A whistlestop tour of Stockholm

Stockholm states boldly that it’s ‘the capital of Scandinavia’, probably much to the chagrin of Denmark and Norway, but following a whirlwind tour of Sweden’s capital city, it’s only fair to say that its claims are broadly borne out. Clean, welcoming, compact and gay friendly, Stockholm deserves to be on every discerning gay traveller’s wish list, and with Stockholm Pride, which also happens to be the country’s biggest festival , fast approaching the time has come to pass on Madrid, Barcelona and Berlin and head north to this exciting city and try somewhere new for a change.

After a comfortable two and a half hour flight with super gay friendly airline SAS, which incidentally carried out the first same-sex marriages during a flight a couple of years ago, I made my way to one of the many up market hotels in the city, The Hilton Slussen, which was to be my home for this whistle-stop trip to the city.

Five star elegance seeps from every pore and my room had a fantastic view of the Old Town. As the city is built upon an archipelago of islands, I was actually staying in Sodermalm, which is the trendy Bohemian quarter.

First port of call in the evening was gay bar and restaurant Torget which was in Gamla Stan, where a few other gay venues are located, but unlike London, there’s no specific gay area or ghetto in Stockholm. The Swedes pride themselves on their tolerance so you can be gay wherever you go as no one bats an eyelid.

The food was delicious and as I was in Sweden I was going to eat like a Swede so had a plate of juicy mussels to start followed by Wallenbergare – which roughly translated means veal burger with clarified butter, mash, peas and lingonberries. I also had cheesecake for pudding. Well it would have been rude not to.

Although the weather was a bit iffy, at 1030pm it was still light so we headed to Patricia – a disco boat that’s gay on a Sunday to check out the crowd and the vibes and both were more than satisfying, although we left before the foam party got started.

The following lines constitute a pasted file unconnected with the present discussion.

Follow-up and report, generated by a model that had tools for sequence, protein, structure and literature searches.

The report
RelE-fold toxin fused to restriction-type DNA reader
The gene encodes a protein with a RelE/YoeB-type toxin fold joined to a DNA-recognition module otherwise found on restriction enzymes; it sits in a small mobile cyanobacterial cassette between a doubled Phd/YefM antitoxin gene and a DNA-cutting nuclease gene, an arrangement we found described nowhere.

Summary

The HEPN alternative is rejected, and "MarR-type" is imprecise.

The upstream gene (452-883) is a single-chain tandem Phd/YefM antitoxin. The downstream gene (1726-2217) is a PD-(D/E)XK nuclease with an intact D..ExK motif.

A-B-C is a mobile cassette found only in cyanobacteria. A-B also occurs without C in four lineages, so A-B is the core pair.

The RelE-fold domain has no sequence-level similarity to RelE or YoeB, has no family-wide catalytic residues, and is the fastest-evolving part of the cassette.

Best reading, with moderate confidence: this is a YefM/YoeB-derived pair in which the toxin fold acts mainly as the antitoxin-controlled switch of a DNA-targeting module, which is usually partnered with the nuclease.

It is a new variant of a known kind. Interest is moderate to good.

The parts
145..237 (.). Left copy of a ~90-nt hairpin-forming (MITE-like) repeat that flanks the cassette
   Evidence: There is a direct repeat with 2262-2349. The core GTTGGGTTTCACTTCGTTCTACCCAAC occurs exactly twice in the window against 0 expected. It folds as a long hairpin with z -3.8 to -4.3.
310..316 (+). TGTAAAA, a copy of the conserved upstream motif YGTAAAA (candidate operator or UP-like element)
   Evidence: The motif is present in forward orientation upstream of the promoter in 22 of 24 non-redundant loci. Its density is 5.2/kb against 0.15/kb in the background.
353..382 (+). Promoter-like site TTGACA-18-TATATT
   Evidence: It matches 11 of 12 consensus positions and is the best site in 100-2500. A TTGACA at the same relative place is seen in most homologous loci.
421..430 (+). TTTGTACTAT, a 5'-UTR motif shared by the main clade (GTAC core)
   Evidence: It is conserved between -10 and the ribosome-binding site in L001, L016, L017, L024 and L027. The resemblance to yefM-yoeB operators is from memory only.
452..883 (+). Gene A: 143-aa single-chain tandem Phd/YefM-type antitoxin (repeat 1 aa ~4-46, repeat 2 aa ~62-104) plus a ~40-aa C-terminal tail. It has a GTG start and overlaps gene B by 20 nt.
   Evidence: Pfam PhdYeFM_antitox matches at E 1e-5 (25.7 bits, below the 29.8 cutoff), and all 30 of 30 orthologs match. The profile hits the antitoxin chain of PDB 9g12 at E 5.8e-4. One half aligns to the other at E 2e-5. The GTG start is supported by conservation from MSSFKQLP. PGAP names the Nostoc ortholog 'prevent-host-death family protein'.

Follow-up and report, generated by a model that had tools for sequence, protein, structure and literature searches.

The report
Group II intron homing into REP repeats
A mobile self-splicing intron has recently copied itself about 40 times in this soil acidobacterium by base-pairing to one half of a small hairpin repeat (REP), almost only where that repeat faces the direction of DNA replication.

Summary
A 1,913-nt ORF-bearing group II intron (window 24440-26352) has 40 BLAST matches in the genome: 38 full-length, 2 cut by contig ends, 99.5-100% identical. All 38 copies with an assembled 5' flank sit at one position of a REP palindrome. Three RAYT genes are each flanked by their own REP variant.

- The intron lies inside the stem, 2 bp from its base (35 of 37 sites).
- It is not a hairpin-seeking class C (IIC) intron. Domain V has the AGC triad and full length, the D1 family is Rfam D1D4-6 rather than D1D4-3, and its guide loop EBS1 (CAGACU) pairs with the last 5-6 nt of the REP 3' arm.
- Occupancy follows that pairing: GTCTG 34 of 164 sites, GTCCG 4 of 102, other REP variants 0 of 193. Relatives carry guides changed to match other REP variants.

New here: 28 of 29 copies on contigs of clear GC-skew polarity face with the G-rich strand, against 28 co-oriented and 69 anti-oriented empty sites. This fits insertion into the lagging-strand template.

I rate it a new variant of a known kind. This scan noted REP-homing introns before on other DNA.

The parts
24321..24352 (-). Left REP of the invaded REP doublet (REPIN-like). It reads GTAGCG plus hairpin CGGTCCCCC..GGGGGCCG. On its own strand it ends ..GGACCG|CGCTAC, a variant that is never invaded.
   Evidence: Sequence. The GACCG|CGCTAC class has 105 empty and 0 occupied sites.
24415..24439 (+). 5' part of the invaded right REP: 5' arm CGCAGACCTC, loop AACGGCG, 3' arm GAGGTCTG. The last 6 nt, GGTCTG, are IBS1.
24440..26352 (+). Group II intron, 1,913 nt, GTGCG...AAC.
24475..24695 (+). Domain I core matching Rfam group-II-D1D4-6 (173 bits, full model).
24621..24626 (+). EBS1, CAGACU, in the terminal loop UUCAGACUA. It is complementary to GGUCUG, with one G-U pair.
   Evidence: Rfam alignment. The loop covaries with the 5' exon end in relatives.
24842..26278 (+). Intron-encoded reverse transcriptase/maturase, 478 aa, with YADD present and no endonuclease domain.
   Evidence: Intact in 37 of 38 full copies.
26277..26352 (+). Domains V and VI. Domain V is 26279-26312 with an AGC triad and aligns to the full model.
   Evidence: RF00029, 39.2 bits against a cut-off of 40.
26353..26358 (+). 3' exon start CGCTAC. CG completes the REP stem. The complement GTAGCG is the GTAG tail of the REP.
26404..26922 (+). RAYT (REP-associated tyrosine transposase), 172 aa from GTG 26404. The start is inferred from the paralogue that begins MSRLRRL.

Given that I’d gone to town in Torget I was up at 7 the next morning and in the fully equipped gym at the Hilton – just as well as I went slightly over the top at the buffet breakfast. My Scandinavian hosts looked puzzled when I proudly stated that I’d had meatballs and lingonberry sauce for breakfast – maybe this was a step too far in my quest for Swedish assimilation!

My guide for the day was the lovely Linda and our intention was to do something arty so we headed over to Millesgarden - the park, home and studio to the famous sculptor Carl Milles and mightily impressive it was too, especially his monumental outdoor works which cast a benign eye, in the case of Poseidon, over the waters to the city centre.

No rest for the wicked as we then headed to Fotografiska, and met up with the lovely Amy Lame and her partner Jenny who were also in town to check out the lesbatious side of the city. This photographic gallery has become one of the most popular attractions in Stockholm, displaying works by some of the world’s most important photographers. There’s a terrific view of the city from the top floor restaurant, and I even tried some herring. But I suppose you have to try everything once.

In hindsight that wasn’t such a good idea considering that I was about to embark on a rooftop tour of Riddarholmen. I’m not great with heights but I was in safe hands as Lars, one of the city’s gay ambassadors, was on hand to take my mind off the drop, and the taste of herring. It’s quite safe as you’re all harnessed-up and attached to a wire, so if you do trip you’ll just dangle ungainly but according to my guides no one has ever fallen in all the years they’ve been doing the tours. But there’s a first time for everything. The views are spectacular and it’s definitely worth doing – if I can muster up the courage to wear a hard hat and look like a plonker, then anyone can.

Lars rewarded me with some more cheesecake at Chokladkoppen, a gay café in the Old Town, before we met all the ambassadors at Malarpaviljongen, a floating bar and restaurant that’s only open during the summer. The aforementioned ambassadors are part of the tourist board’s initiative to welcome more LGBT visitors to the city and they can be found at the Win A Date With Stockholm website, where you can choose which ambassador you most want to show you the sights.

Dinner took place at the wonderfully glamorous Berns Hotel. The food was Asian and to die for – every course from the sashimi salad to the quartet of desserts was a triumph.

We just managed to squeeze in a tour of the Royal Palace the following morning and lunch on the balcony of the stunning Royal Dramatic Theater before it was time to head back to the airport. There was a lot to take in over a short period of time but it certainly gave me a flavour of what this beautiful city has to offer, so even if you’re not lucky in the competition, Stockholm should be top of your list when it comes to choosing you next city break. Stockholm Pride takes place 31 July – 4 August.

With special thanks to Linda, Christina, Stina, Anders, Lars, Amy and Jenny.

Picture: The super-sexy ambassadors - who wouldn't want a date with them?

Win A Date With Stockholm

Lesbian and gay Stockholm

Hear my thoughts on Stockholm on Amy Lame's podcast

Keith McDonnell

Keith flew Economy with SAS and was a guest of the Stockholm Visitors Board.

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